Quantifying symbiont density

40 min

Discussion

20 min

Authentic Research Experience #2 (Part b, testing salinity): What factors influence recolonization during the onset of symbiosis?

Note: this activity utilizes Protocols A, B, C/D, E, F/G, and H1

Session #2

Pre-laboratory lesson

15 min

Teacher preparation:

  • Generate and maintain aposymbiotic anemones (Protocols C/D and A)

  • Culture symbionts (Protocol B)

  • Plate aposymbiotic anemones (Protocol E, Step Two)

  • Prepare brine shrimp extract (optional; Protocol E, Step One)

  • Set up class work station: centrifuge

  • Set up student work stations: aposymbiotic anemones in 6-well plates, one 5 mL aliquot of dinoflagellate culture in a 15 mL tube, compound microscope, hemocytometer, hand tally clicker counter, brine shrimp extract (optional), one large bottle of sea water, one bottle of deionized water, smaller bottles for making sea water of varying salinities, graduated cylinder or beakers for making sea water of varying salinities, micropipets and tips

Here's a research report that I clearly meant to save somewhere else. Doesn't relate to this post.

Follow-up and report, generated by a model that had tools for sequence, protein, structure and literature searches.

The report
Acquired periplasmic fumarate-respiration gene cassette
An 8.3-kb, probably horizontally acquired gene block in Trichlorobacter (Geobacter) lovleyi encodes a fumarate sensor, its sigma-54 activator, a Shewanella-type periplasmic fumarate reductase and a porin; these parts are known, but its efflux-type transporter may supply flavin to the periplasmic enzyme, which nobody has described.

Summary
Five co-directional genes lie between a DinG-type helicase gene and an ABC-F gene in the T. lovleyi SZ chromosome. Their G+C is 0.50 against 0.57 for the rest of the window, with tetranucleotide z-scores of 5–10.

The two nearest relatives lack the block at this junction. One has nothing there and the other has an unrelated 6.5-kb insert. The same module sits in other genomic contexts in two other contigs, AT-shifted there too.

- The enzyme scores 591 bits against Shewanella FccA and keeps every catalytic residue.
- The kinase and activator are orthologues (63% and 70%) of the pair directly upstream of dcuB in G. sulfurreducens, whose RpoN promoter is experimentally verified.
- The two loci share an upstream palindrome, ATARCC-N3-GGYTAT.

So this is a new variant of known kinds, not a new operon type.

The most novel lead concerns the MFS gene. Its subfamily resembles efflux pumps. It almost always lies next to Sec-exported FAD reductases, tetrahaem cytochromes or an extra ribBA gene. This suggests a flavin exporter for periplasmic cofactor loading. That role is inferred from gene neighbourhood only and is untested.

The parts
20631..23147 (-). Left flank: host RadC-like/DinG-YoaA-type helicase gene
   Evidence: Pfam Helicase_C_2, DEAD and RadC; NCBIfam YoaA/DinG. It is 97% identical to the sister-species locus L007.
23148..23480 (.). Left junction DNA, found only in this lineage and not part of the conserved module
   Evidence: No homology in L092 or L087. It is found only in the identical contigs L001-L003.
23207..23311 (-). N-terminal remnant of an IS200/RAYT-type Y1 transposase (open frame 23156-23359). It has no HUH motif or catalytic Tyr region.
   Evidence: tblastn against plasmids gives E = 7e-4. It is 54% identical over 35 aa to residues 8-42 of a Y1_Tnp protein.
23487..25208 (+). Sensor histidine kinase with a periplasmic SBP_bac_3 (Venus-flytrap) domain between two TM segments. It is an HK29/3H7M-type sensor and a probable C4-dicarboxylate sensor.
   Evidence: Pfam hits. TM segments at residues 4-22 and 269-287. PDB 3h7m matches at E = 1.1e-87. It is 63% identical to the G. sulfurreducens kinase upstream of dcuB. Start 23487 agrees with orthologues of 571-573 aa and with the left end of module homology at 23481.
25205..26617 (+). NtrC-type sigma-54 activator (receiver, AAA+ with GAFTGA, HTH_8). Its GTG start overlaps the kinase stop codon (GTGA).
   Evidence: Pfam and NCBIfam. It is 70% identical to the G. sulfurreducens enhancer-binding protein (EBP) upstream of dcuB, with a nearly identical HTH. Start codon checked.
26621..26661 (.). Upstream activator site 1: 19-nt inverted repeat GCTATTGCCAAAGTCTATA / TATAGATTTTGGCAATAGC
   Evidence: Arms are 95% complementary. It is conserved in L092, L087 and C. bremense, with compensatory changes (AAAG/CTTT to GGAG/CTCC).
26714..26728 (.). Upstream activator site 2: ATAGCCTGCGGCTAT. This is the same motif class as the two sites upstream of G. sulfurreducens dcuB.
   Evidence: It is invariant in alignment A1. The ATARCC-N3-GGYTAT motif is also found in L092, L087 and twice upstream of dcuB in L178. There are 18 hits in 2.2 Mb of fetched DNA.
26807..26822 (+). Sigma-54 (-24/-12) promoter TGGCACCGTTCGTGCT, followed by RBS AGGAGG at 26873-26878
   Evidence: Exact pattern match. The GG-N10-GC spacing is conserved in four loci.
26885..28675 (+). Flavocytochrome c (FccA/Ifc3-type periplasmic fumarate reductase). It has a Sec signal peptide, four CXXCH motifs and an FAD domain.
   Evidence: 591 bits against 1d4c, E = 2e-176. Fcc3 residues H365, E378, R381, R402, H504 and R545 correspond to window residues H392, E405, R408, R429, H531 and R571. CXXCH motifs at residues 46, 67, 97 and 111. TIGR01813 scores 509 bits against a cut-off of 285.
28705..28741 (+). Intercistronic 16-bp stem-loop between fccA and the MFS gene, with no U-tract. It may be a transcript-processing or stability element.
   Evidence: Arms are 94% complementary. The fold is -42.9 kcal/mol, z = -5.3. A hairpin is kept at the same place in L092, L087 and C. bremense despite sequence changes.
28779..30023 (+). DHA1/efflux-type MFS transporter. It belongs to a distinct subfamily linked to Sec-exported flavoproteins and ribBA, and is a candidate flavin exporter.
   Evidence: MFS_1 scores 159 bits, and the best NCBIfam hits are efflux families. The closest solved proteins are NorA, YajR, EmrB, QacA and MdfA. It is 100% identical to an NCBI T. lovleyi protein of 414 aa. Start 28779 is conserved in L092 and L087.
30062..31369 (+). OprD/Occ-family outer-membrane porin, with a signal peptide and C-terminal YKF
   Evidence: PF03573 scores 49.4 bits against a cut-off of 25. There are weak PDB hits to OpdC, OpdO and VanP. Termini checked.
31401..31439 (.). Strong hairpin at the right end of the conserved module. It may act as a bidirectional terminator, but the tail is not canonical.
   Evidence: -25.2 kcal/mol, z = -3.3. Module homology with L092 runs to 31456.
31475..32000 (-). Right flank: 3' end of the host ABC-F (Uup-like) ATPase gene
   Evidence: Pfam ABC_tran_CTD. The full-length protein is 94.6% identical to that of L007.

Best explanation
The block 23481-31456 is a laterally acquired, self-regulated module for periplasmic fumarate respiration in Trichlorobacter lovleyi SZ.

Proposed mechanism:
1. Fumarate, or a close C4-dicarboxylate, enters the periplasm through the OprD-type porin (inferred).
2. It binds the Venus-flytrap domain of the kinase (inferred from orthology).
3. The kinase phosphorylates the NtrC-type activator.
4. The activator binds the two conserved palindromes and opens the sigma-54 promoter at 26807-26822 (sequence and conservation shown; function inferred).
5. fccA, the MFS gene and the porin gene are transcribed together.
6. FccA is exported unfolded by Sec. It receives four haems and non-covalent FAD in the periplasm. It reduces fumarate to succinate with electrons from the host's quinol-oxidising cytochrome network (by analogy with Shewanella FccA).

During laboratory:

  • Prepare symbionts (Protocol E, Step Three)

  • Design experiments

  • Prepare sea water of varying salinities

  • Introduce dinoflagellates and treatments to anemones (Protocol E, Step Four)

Preparing dinoflagellates

60 min

Discussion of experimental design and selecting treatments

30 min

Preparing sea water of varying salinities

30 min

Introducing dinoflagellates to anemones

20 min

Outside of laboratory time throughout intervening week(s)

Maintaining anemones

30-60 min, 3/7X per week

Teacher preparation:

  • Set up student work stations: cotton-tipped applicators, transfer pipets, bottle of sea water, squirt bottle of sea water, laboratory wipes

Outside of laboratory time:

  • Remove symbionts 24 hours after initial exposure using transfer pipets

  • Scrub plate wells with cotton-tipped applicators and replace anemone water every 1-2 days

Session #3

Pre-laboratory lesson

20 min

Teacher preparation:

  • Set up class work station: microcentrifuge, fluorescence microscope (optional), shaker, analytical balance, weigh boats, laboratory wipes, freezer or ethanol/dry ice bath

  • Set up student work station: 6-well plates containing experimental anemones, compound microscope, hemocytometer, hand tally clicker counter, tape, microcentrifuge tubes, transfer pipets, spatula, microscope slides and coverslips, homogenizer, small bottle of MgCl2, small bottle of sea water, micropipets and tips